This movie has the wit and fast cuts you’d expect from an action film. All the guns, action, and cheesy action comedy (combined with some really clever comedic work) make this one of the best comedies of the 2000’s (right beside Shaun). You won’t see comedies this entertaining and perfect come along that often, and also featuring a former James Bond, Timothy Dalton. It looks like a lot of fun was had with this film (with plenty of homages to other films) and it really is a laughable thrill ride with slangin’ guns. Perfection in a barrel. 9.7 out of 10.
I have been a huge fan of Rowan Atkinson ever since I was a young lad, watching the video versions of him as Mr. Bean. In 2003, when the first Johnny English movie came out, I had to see it. His slapstick antics mixed with that English accent you rarely hear in Mr. Bean makes him a wonderfully entertaining character. And, of course, what could be better than parodying the James Bond genre? Reprising his role last year, Atkinson blazed on screen with his good looks and salt and pepper hair. Although he may be getting older, he’s not slowing down one bit.
We are whisked away in the first scene of Johnny English 2: Reborn, to the mountains of Tibet. English is training among the monks in order to repent for an earlier mission that sends English into a state of Vietnam flashback nostalgia. With some great slapstick to kick off the movie, Johnny English discovers that his skills are needed yet again back in MI7. Once he arrives back in the U.K, English must become reacquainted with the newly refurbished MI7. Now owned by Toshiba, English’s penchant for the past and the old way of doing things comes clashing into the wave of the future. Let the insanity ensue.
Atkinson rigorously training with some monks.
Assigned a new partner, Tucker (Daniel Kaluuya), and some new gadgets invented by Patch Quartermain (Tim McInnerny) it is up to English to protect the Chinese ambassador from being assassinated during his discussions with the Prime Minister. What Johnny English discovers is a secret plot that has been brewing ever since his mishap in Mozambique. With intrigue and sleeper agents galore, who can English trust?
There are some great characters and actors introduced into this second movie that make up for losing John Malkovich and company in the last one. We’ve got Gillian Anderson, better known as Agent Scully from the X-Files, as the leader of MI7. This is the second time I’ve seen her in a film with a mostly British cast (i.e. How to Lose Friends and Alienate People) and she pulls off that air of superiority well. There’s also one of my favorite British actors, Dominic West. Having first ever saw him in 300 as the traitorous senator, West has made a career as wonderfully suave British men. Portraying Agent 1 in this film, he’s someone I could’ve seen as Bond, more than Daniel Craig.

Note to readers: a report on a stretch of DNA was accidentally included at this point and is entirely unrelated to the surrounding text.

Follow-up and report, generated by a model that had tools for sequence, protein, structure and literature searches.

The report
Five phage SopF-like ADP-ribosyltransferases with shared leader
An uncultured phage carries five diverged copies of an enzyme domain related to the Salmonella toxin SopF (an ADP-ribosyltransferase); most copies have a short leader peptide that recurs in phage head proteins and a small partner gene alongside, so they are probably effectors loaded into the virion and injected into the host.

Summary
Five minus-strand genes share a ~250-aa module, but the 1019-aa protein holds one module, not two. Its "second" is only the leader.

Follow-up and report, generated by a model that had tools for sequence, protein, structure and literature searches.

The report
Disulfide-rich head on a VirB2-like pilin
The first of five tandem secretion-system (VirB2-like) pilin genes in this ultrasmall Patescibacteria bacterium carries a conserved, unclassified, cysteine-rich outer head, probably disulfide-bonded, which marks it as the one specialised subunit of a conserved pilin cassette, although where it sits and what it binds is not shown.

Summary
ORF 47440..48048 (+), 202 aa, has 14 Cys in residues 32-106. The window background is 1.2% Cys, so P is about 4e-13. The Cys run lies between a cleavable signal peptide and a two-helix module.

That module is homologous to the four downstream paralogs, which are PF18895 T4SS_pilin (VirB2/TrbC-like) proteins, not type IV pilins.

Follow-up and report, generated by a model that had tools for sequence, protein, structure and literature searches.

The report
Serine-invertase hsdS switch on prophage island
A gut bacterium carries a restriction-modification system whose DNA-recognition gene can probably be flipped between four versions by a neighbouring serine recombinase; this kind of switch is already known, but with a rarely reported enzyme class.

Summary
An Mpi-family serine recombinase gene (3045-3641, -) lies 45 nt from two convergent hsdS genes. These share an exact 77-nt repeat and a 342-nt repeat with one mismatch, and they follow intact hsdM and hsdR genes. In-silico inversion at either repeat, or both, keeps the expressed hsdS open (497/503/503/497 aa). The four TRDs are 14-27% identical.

This was pretty dope. Despite him being able bodied.
What else is there to point out in this film? There’s the evil killer cleaning lady. In a fight of the old farts, its a struggle for Atkinson to come out on top. There’s all of Johnny English’s old gags and jokes, done just to show that he knows what the people want, and he can still deliver. There’s new jokes, as expected, but at this point in Rowan Atkinson’s career, I think he’s just doing movies for the hell of it. He’s an established, wonderful actor who is just doing movies for fun now. Or, at least, that’s the vibe I’m getting from his acting in these films. And, by all means, make Mr Bean/Johnny English movies until the day you die, Mr. Atkinson. They are all wonderfully entertaining and funny.
Let the hilarious carnage ensue.
If you haven’t seen the first one, by all means, check it out. And watch this one immediately after. They’re sure to make you laugh, even if you aren’t into British comedy. They’re wholesome, spot on Bond spoofs (the first more than the second) and they establish a character you come to love and adore. What more could you want from a film? His name is English, Johnny English. And he deserves a 007 out of 10 for this film.